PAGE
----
I am always excited at the beginning of the new semester. New classes, new students; I have spent a good deal of time updating things and tweaking others in my Introduction, as well as redesigning my upper division class, so starting the new term is like diving into a maelstrom. You have to swim and yet know that you will be carried along; there are lots of things over which you have no control.
For the first few weeks, the student count is somewhat unstable. Some students, particularly seniors, show off how cool they are by skipping the first week of school. Sorry, they say, they were on vacation in Aspen with their parents. You know they are lying but what can you do? I will not trust anything they say from that moment on. Then you have the shoppers; they try out a class, don’t like it and then come asking for permission to enroll in my class. Even in the second week, I let them in. It bothers me that they’ve missed the introduction and foundation to the course but they’ll just have to catch up. Sometimes I get polite notes from students who were there for one or two classes and decide to move on to something else. I appreciate the notes and I don’t mind that they left; smaller classes are better. They are more manageable, cozier, and there is less grading to do.
Throughout my career, I have let in most students who wanted to take the class, though I do cut it off after the first two weeks because they will have missed too much material beyond that point. We have “caps,” maximum numbers allotted to the class. Most of our lower division classes, in my case, my “Introduction to Latin American Civilizations,” are capped at 35 students; I usually have about 38 students in the class by the end of the semester. I sign permissions for up to 45 students sometimes (this semester, 43) because with all the shopping, dropouts, and other attrition, it settles down to about 38. I let so many students in because I remember, even forty years ago when I was an undergraduate, the frustration of many of my classmates at being unable to get the classes they needed for graduation inside of four years.
I never had that problem because I chose an obscure major, philosophy, and minored in classics, so I never had to beg a professor to let me into a class. All my classes had tiny enrollments except for general classes that fulfilled general education requirements, like “Physics for Non-Science majors.” I loved the professor, a slender, bearded young man, Clifton Albergotti, who made it all so interesting. We had a field trip to see the Stanford Linear Accelerator, now called the SLAC National Accelerator Laboratory, and we read a very cool non-physics book whose title I no longer remember, but I remember loving the class. We remember only the names of the professors we loved.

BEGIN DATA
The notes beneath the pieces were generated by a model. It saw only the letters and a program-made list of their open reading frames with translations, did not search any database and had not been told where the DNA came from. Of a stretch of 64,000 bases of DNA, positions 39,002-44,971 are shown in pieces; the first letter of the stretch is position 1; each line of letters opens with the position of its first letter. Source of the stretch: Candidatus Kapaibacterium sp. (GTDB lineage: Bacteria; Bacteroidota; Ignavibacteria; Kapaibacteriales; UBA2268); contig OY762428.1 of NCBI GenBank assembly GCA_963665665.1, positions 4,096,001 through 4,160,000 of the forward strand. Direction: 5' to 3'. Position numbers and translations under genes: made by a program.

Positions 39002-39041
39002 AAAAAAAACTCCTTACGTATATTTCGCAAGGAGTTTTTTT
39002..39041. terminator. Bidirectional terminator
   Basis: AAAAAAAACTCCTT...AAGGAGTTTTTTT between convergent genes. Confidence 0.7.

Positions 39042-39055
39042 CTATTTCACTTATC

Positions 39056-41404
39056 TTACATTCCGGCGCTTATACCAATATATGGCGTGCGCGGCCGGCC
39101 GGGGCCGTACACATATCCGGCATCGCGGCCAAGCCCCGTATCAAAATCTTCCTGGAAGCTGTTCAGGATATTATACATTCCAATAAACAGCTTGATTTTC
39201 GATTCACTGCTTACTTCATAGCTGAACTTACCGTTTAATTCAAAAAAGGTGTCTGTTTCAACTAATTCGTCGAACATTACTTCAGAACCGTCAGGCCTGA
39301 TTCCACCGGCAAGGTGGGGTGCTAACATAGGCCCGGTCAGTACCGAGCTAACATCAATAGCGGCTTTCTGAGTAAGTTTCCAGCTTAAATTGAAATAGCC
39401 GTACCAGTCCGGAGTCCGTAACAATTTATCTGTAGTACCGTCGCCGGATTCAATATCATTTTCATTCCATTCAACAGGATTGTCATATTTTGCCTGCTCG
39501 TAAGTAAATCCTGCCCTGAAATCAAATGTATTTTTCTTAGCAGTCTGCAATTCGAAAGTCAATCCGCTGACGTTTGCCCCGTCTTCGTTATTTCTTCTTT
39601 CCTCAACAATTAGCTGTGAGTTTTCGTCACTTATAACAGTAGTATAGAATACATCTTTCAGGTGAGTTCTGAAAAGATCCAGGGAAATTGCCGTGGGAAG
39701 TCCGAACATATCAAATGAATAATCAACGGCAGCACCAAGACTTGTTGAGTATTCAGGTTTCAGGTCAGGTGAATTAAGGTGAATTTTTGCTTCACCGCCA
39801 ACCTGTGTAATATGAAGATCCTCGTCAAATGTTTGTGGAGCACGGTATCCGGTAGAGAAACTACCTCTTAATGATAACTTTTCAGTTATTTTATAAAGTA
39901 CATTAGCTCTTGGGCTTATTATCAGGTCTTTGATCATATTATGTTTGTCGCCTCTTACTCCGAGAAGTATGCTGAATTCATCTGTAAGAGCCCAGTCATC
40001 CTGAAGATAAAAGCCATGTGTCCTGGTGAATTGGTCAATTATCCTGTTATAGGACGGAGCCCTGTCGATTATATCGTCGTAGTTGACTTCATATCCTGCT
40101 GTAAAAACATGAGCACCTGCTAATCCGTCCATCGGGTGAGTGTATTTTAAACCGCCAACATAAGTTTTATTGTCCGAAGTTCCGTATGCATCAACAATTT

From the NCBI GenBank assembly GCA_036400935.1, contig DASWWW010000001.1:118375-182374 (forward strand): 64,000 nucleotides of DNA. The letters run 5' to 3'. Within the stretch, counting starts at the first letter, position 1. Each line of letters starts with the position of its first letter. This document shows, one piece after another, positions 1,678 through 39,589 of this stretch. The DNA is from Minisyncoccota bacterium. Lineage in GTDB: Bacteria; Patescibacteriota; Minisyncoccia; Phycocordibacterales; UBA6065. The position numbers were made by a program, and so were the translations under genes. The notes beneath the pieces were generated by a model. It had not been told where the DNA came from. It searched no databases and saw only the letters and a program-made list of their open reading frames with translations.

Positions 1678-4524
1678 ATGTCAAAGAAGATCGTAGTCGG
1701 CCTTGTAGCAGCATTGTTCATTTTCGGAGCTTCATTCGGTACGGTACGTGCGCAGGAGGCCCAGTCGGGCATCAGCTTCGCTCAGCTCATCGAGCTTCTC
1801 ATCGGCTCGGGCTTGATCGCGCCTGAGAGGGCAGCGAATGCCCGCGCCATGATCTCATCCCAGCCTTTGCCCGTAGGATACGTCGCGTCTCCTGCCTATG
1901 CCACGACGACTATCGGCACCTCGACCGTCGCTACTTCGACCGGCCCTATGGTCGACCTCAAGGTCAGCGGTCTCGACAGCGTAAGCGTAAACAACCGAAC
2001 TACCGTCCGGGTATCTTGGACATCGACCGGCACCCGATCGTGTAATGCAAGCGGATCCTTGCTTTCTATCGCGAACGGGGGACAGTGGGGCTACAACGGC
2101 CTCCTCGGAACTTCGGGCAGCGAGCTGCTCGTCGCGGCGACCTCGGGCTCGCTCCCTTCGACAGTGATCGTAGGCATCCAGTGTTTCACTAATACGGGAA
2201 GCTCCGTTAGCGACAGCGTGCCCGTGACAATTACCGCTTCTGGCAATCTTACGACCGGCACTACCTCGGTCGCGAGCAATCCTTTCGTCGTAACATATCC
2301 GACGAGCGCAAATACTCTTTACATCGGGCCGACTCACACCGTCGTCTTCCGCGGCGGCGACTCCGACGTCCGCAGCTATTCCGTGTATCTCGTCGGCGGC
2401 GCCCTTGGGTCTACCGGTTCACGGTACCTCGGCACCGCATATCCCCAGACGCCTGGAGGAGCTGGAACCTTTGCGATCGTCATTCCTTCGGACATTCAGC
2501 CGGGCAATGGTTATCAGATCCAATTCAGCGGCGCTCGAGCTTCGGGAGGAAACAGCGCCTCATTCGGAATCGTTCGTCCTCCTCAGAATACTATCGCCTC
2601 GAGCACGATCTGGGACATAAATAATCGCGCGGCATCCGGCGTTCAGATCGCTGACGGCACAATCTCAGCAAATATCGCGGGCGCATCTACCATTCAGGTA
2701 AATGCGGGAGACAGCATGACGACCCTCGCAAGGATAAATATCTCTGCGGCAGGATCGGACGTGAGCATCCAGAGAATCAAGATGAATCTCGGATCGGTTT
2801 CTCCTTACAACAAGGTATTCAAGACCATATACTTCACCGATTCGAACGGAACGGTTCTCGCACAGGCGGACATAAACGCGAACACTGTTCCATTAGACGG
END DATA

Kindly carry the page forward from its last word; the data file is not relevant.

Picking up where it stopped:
That’s the thing about classes like my Introduction; while there might be a history major or two in the class, most students are using it to fulfill a requirement, and I have to engage them. I want to grab every one of them and get them to fall in love with history, and some of them will. I pick the books that are captivating and that they will want to keep when the semester ends, or that they will pass on to their parents or their siblings. As it happens, I often get the younger siblings of former students.
This semester, my upper-division class (300-level) is called Latin American Women’s Lives Through Their Own Eyes. Enrollments were very slow, so that for a long time, I thought it would barely get enough students to make the minimum required enrollment. When it passed 15, I started to breathe easier. Then it passed 20, much to my astonishment. The cap is 30, and we have 21 students; not bad. There are eight men in the class. I am pleased about this; it used to be that a class focusing on women might get a man or two but that is changing slowly. I am glad I have lived long enough to see that change take place.
For me, the challenge is to figure out how to make the class a joy. I want them to go on with their lives, understanding the importance of having an understanding of history, and how the shenanigans of politicians and scoundrels turn into history. And if my class results in a few enthusiastic watchers of history programs on TV, or readers of popular history books, I’m happy.
And if they grow up to read the newspapers enthusiastically, with some understanding of what is going on in Latin America, I’ve done my job.
Winter on India Point, Providence, Rhode Island